How Italian Banks and Processors Can Capitalize on Digital Transformation
The European payments landscape is in an era of significant change thanks to PSD2 and other macro factors, but there is more than one way to deliver real-time and open payments to meet PSD2 requirements and its technical standards. Banks and processors must manage this alongside their own set of domestic challenges and opportunities.
Overcoming Cyber Threats to Payments Security
Recently, Gene Scriven, chief information security officer at ACI, spoke at NACHA Payments 2019 on the ever-changing landscape of cybersecurity. Here are a few highlights from his session, including the impacts of cybersecurity breaches, today’s emerging threats and the new strategies to keep your organization safe.
Removing Gender Bias and Enabling Women to Succeed in Leadership Roles
The recent UK Women in Payments (WIP) Symposium 2019 took place in London, recognizing unique leaders who help uplift women in the payments industry. Among those recognized was ACI’s Melissa McKendry, vice president, Retail Banking Implementation Services, who was honored by WIP as the 2019 Advocate for Women.
Regulating for Real-Time: The Role of Government in Payments Modernization
Dr. Leo Lipis and Craig Ramsey, Head of Real-Time Payments for ACI Worldwide, continue their discussion on real-time payments and the findings of the new white paper, Get More from Real-Time.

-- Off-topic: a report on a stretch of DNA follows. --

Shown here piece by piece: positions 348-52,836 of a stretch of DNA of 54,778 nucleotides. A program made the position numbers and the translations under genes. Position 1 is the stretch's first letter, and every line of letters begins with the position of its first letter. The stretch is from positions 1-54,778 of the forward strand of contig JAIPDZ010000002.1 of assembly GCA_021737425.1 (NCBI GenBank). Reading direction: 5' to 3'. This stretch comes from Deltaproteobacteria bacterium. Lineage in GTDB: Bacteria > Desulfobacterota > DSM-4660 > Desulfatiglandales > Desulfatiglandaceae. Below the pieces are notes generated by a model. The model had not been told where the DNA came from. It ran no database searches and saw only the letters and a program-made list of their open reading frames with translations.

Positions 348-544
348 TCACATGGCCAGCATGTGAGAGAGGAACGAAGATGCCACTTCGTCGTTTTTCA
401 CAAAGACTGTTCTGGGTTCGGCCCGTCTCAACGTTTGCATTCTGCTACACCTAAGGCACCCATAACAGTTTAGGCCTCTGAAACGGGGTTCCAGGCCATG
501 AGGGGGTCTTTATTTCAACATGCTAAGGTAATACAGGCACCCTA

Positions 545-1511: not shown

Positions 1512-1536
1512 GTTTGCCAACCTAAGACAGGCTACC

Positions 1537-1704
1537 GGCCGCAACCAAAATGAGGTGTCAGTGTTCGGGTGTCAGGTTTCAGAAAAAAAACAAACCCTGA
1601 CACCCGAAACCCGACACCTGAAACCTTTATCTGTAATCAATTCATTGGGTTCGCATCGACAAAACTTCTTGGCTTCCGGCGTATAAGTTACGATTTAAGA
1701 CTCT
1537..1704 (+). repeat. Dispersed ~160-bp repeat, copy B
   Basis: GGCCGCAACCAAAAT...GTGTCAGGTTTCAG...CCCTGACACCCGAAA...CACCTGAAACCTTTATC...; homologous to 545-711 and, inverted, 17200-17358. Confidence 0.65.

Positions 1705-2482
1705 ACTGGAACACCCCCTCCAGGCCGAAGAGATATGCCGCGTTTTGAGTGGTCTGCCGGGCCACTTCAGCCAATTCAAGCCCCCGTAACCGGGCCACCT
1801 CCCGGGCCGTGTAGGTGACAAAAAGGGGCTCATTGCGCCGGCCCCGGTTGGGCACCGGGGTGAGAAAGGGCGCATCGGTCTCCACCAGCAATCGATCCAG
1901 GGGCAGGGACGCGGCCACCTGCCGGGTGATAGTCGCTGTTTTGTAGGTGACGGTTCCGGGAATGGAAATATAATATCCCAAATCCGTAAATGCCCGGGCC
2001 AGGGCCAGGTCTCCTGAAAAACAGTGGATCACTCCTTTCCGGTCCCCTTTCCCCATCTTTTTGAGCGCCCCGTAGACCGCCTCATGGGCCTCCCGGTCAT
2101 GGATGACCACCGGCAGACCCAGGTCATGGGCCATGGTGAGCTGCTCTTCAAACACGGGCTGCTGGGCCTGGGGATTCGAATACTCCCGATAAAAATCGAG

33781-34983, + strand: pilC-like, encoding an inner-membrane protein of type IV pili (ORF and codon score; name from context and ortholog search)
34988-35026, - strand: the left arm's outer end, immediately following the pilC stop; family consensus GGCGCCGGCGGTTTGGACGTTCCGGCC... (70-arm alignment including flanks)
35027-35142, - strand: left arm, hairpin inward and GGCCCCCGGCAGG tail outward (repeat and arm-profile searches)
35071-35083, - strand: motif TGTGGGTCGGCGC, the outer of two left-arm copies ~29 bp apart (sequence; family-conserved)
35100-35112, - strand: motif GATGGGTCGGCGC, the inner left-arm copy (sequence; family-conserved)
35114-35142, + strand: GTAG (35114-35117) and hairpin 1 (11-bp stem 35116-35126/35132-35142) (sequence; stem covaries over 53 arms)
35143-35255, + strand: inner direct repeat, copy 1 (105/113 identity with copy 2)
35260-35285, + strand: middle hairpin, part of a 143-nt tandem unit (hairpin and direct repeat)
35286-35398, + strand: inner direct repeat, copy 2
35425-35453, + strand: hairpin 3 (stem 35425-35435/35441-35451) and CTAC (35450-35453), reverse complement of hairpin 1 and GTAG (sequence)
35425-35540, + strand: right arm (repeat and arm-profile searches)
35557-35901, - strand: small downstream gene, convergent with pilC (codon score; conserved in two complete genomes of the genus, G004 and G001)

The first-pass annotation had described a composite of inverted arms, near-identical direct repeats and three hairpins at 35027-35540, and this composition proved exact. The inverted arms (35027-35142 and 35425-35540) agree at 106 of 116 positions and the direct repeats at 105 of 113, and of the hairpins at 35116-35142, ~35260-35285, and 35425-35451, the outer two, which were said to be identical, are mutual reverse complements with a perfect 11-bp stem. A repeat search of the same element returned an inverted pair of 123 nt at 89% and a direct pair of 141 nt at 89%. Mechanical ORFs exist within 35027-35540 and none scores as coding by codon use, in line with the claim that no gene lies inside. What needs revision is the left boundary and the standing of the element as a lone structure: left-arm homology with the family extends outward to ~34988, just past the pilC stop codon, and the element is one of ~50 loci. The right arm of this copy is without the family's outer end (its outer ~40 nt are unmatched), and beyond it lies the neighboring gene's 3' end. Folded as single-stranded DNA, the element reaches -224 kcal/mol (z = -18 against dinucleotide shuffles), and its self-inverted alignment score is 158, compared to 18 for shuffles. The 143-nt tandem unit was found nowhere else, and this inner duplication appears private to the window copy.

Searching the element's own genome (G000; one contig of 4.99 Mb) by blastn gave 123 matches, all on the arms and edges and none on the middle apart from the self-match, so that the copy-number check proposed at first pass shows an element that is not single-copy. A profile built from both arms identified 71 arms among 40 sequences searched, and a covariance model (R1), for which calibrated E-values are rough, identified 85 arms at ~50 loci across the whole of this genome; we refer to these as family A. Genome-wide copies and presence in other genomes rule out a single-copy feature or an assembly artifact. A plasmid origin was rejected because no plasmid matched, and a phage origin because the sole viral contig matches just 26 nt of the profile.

Payments and Fraud: The Paradox Twins
Digital commerce through web and mobile is where merchants predominantly experience shopper growth today. This has become a hugely important domain for their focus. It offers a means for international growth, new market penetration and a way to engage with shopper-hungry Millennials in their culture. Merchants frequently adopt a Digital-First, eCommerce-First or Mobile-First strategy to ensure full corporate buy-in to this strategy.
Open Payments Systems for Merchants: Don't Close Down Your Options
Remember “Open Systems”?
It was a big industry nom du jour in the 80s and 90s. Every IT system had to be open and therefore flexible and future-proof. Nobody can argue with the logic behind this; making systems easy to integrate with other systems, ensuring vendors could cooperate with one another; creating agility to improve time to market and drive down costs.
Issuing and Acquiring in a Real-Time and Open Payments Ecosystem – The Global Picture
Dr Leo Lipis and Craig Ramsey, Head of Real-Time Payments for ACI Worldwide, continue their discussion on real-time payments, stemming from the findings of the new white paper, Get More from Real-Time. See part one.
Why It’s Time for Women to Rise UP
As a senior software engineer at ACI Worldwide, Rawan Shawar helps to guide her team’s priorities and enhance processes at both the team and organizational level. Recently, Rawan was selected by the organizers of Money20/20 Asia to be part the Rise Up Class of 2019.
Can Digital Payments Be Kind?
There is no doubt that the era of less (or minimal) cash is truly upon us. According to the Access to Cash Review, cash could fall to just 10 percent of all payments in the UK within the next 15 years.
Other countries, such as Sweden, have already seen significant changes – cashless payments have grown so quickly that only 10 percent of the 20 SEB banks in Stockholm now hold cash. Beyond Europe, China is leading the way with USD$12.8 trillion in mobile payment transactions in 2018.